Strong consulting arms boost Indian IT and BPO services

06 October 2015

Infosys and Wipro, two large Indian outsourcing concerns, have struggled to reel in big fish clients for their consulting arms in recent years. Recent research finds that outsourcing firms that leverage their well-developed consulting practices are set to be winners in the battle to cross-sell solutions to big international clients. The firms have therefore sought to transform their consulting practice, with a keen eye on best practice at Cognizant Technology Solutions.

The Cognizant approach

Cognizant Technology Solutions is one of the larger consulting deliverers in the IT ecosystem. The firm claims to have perfected an operational model for leveraging IT outsourcing and consulting practices. “We have created a unique and highly operating successful model that you could say is the magic sauce behind Cognizant recording massive numbers for the last five years,” explains Mark Livingston, Executive Vice-President of Consulting at Cognizant.

Since 2008, under the guidance of Livingston, the firm has grown its practice from a footprint of 1,000 consultants to a practice of more than 5,400, with many of the new hires acquired from EY and Deloitte. The firm pioneered the ‘three-in-a-box’ approach, which sees at least one consultant, one client partner and one delivery director operative for each large client. The client partner provides operations management, while the consultant seeks to identify potential improvements to business operations. The three are, according to Sandy Gopalan, Vice-President of Consulting at Teaneck, New Jersey-based Cognizant, “[…] tied to the hip.”

Strong consulting arms boost Indian IT and BPO services

According to Livingstone, the strategic approach provides clients with the right mix of strategy and implementation for their potential needs. He remarks that: “Our consulting practice is not standalone. In our model, consultants are more like software delivery sales guys. It’s a matrix model where the consultancy organisation reports to the vertical in the business and reports to me. So it’s aligned with delivery and we go jointly to market.”

Digital growth

In recent years, the demand for technology driven solutions for business problems, as well as the development of analytics and forms of social media continues to drive consultant demand, a recent Source study found. It has been this demand – and Cognizant’s adequate solution – that has propelled its strong growth. “Strategy without technology is no strategy at all. Now as digital becomes default, clients are simply not buying strategy alone from top-tier consultancies. Every great idea has to have technology as a backbone. This explains how we win in more than 70% of times competing against the top consulting firms. So we are using consulting to help accelerate growth of delivery (of our technology offerings) because we can implement the idea, we can quickly develop a prototype, using design thinking and other things and that is what has helped us,” says Livingston.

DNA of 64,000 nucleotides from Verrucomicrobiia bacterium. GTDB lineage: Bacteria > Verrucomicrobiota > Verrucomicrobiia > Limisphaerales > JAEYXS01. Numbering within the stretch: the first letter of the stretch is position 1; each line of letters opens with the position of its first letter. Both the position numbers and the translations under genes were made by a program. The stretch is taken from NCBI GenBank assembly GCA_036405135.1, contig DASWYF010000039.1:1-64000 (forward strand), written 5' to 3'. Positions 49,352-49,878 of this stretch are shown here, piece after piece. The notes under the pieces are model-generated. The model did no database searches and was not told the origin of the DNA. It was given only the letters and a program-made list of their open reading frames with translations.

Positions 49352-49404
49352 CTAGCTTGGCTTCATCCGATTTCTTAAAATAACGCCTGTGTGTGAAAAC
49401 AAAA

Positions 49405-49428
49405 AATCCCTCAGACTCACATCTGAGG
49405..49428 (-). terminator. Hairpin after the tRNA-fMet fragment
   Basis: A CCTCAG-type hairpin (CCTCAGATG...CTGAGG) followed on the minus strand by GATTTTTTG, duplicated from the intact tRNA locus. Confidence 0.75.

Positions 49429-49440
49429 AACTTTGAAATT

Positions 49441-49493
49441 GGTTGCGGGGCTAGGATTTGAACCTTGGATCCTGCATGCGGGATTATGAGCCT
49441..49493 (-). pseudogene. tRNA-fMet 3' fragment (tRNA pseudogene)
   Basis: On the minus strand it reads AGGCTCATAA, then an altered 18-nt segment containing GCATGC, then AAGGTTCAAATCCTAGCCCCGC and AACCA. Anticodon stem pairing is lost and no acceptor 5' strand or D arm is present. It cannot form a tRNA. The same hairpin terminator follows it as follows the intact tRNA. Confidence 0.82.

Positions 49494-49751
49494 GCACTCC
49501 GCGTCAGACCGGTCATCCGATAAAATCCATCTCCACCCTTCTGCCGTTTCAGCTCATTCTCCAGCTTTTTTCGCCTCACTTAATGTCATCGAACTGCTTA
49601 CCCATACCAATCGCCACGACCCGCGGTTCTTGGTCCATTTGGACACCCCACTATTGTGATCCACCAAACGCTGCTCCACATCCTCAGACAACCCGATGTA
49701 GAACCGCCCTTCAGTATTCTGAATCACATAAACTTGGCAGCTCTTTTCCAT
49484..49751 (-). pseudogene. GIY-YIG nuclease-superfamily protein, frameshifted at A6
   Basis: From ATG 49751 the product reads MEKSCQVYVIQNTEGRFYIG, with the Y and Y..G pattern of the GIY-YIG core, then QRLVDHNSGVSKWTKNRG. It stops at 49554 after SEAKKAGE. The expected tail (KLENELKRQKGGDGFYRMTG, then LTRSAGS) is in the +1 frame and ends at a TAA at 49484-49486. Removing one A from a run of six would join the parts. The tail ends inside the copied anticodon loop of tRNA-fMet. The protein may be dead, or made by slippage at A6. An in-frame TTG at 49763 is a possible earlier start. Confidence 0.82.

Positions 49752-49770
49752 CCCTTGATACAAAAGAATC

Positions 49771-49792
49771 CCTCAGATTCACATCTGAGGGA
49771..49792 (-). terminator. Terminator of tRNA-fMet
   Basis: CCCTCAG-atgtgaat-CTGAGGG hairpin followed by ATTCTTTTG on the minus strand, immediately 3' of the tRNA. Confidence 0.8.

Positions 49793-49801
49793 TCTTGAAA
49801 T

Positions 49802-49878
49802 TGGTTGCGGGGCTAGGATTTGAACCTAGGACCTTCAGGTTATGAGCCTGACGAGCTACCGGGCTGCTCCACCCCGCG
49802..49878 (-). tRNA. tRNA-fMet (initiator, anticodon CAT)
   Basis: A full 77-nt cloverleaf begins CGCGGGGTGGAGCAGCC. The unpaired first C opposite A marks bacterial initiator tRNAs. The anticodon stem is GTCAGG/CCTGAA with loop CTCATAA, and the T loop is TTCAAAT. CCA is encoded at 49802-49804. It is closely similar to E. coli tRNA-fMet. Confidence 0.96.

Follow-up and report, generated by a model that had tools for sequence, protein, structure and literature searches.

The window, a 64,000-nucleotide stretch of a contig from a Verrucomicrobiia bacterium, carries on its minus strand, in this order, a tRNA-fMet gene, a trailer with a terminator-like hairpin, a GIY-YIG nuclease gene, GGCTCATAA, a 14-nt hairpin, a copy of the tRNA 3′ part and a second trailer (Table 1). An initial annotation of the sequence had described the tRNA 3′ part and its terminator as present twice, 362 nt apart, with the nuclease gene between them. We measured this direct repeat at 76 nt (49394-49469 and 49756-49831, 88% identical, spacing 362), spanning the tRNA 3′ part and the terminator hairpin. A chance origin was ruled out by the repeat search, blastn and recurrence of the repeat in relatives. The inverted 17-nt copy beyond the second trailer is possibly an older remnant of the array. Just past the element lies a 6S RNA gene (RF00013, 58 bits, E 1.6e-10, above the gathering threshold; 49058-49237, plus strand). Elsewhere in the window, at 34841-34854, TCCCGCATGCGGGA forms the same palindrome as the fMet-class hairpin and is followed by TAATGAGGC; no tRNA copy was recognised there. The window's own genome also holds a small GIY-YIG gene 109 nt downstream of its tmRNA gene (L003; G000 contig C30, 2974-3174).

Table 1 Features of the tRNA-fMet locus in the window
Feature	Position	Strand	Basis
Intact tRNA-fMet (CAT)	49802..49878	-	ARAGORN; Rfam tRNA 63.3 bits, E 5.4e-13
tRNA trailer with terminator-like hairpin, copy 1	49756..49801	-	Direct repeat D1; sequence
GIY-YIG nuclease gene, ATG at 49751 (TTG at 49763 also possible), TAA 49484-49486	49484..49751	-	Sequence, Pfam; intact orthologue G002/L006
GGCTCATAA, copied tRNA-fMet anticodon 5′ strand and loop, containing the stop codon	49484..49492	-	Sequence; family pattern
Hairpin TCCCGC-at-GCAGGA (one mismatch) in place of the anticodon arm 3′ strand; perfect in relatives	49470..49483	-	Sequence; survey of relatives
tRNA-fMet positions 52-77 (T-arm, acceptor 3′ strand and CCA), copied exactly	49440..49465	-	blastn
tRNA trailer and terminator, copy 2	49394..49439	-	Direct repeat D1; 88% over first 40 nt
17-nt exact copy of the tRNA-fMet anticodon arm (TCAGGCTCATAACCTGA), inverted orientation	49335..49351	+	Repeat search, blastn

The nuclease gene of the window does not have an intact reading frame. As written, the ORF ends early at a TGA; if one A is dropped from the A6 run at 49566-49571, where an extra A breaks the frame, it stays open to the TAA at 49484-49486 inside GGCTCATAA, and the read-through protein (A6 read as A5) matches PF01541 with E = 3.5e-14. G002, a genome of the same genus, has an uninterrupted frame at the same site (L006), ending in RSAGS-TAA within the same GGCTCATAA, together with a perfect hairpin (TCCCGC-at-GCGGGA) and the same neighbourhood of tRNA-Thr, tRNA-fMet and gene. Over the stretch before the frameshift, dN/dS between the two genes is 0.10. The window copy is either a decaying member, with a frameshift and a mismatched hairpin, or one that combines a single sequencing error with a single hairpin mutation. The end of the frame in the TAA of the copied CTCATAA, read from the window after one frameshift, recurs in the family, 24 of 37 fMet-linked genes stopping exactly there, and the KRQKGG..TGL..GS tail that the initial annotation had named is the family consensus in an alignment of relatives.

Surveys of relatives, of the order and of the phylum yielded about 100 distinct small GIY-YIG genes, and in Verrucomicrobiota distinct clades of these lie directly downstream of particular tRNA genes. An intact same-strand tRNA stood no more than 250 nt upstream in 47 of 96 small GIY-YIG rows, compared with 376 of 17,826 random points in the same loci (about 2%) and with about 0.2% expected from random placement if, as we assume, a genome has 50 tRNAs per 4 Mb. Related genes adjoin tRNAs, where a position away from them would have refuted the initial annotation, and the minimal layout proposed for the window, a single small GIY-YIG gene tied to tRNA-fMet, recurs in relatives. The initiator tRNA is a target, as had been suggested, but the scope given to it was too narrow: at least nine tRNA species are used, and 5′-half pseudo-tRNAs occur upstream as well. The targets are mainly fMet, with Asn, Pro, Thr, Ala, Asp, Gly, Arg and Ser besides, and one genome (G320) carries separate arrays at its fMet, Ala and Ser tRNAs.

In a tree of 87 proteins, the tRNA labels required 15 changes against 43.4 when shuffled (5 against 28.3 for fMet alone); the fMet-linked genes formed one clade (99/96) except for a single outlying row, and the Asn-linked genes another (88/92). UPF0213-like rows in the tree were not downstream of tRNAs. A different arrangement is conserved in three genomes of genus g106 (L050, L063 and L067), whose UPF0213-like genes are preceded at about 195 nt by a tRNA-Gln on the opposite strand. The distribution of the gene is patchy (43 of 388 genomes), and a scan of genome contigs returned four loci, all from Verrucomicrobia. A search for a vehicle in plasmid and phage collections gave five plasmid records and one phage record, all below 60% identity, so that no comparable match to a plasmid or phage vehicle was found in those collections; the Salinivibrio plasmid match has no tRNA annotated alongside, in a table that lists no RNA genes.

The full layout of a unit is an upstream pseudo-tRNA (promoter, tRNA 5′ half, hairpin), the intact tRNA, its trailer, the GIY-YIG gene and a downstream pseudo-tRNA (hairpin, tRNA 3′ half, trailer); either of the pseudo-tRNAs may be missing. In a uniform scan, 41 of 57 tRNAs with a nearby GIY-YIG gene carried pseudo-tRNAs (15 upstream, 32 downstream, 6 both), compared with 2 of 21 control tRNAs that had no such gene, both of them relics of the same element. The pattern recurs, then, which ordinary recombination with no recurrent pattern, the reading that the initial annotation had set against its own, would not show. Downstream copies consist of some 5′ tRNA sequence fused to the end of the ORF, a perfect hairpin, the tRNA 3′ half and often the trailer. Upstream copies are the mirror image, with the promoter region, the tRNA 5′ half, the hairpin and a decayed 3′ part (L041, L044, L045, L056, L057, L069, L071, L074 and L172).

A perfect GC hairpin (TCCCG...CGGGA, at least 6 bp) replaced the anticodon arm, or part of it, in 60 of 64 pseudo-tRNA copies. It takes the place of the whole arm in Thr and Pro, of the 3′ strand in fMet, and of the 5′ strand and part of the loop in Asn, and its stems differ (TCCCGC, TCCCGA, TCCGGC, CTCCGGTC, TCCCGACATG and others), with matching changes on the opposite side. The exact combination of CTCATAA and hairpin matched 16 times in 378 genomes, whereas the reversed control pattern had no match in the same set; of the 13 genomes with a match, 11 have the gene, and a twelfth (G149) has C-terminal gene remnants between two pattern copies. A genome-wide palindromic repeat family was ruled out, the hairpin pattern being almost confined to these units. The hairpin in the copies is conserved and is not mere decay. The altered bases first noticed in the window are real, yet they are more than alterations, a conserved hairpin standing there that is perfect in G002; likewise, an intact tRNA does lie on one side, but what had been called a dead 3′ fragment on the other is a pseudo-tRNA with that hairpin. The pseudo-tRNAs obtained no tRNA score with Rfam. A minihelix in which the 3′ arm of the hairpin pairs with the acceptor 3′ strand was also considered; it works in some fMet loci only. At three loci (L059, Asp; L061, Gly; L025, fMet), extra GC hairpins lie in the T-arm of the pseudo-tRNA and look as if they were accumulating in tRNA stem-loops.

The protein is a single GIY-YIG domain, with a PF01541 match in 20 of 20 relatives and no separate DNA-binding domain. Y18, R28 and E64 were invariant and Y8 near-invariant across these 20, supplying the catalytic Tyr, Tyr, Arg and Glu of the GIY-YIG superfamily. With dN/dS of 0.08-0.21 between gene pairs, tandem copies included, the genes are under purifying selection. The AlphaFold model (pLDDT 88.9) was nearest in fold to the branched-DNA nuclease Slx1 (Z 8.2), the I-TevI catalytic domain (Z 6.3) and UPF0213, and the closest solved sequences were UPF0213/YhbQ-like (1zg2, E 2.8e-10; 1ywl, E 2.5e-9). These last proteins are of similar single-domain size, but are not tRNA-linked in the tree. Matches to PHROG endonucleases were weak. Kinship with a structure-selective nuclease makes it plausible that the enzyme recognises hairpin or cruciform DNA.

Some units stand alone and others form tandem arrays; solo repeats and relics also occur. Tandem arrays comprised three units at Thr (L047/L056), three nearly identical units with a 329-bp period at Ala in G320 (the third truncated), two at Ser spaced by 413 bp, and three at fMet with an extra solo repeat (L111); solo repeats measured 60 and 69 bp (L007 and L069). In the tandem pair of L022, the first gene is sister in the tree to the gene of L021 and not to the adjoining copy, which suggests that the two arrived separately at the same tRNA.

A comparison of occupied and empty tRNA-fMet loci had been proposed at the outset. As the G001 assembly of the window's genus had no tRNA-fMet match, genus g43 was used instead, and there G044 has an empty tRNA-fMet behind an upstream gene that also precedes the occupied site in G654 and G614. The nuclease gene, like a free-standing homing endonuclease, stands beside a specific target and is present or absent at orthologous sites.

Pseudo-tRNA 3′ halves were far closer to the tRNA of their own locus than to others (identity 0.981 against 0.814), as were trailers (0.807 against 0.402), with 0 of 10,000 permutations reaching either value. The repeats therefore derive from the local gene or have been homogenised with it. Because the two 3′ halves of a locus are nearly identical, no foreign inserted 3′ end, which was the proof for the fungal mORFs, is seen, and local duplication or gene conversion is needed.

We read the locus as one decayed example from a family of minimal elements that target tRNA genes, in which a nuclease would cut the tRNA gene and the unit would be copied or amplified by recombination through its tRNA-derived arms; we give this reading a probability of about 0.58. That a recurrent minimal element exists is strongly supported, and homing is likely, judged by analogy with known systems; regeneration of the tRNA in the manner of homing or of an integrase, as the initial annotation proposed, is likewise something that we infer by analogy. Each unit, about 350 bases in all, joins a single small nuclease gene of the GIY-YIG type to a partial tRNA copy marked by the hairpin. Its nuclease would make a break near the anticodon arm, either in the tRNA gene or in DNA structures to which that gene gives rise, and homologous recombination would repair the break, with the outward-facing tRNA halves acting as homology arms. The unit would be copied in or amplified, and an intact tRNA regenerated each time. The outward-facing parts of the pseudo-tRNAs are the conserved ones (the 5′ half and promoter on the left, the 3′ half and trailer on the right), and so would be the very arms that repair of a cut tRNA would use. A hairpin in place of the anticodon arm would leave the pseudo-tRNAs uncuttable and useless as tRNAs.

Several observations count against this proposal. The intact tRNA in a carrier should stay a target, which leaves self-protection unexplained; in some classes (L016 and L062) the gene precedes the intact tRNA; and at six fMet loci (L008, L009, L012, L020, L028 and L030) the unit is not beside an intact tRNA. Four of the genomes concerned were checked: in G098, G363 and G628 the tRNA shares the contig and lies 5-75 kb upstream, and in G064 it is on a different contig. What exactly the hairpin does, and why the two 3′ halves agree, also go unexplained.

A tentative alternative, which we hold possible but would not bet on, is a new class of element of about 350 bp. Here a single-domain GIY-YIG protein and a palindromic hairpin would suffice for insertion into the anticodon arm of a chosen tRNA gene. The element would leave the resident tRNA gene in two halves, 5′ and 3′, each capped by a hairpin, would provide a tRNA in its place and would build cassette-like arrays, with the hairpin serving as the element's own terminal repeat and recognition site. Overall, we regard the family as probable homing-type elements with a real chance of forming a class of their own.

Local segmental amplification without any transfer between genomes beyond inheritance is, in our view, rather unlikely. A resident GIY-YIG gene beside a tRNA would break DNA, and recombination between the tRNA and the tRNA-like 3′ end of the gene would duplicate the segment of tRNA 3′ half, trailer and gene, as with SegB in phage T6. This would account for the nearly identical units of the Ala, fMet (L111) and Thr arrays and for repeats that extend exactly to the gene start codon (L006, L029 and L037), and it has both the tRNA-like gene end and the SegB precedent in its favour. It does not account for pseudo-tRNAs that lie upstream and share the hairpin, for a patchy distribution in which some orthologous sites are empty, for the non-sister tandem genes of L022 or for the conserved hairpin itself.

Cognizant,Infosys, Wipro, TCS

Catching up

Infosys, Tata Consultancy Services and Wipro each built consulting practices to provide advice to large enterprises worldwide about opportunities to simplify their technology and business operations with Indian business services. Their consulting expertise as well as Indian hosted IT outsourcing would provide competition to the more expensive services of consulting giants. With the increased demand for digital, as well as the need to provide clear consulting advice to potential clients, Indian IT suppliers are seeking to strengthen their positions.

Infosys for instance, is reorganising its consulting practice by merging its Swiss consulting unit Lodestone with its consulting practice, and has – following Cognizant’s success – bound 100 of the firm’s consultants to the management of 200 of its largest clients. The hope of this integration is to develop a new way of working that will bring about a $20 billion giant by 2020. So far the strategy has managed to increase business by 5.7% from the firm’s top clients.Wipro is also playing catch-up. According to the firm’s Chief Operating Officer Abid Ali Neemuchwala, the consulting practice will have three distinct foci: business operations consulting, IT strategy and operations and organisational change management. TCS too is repositioning itself, making the key move to provide business consulting services as part of its wider IT services packages.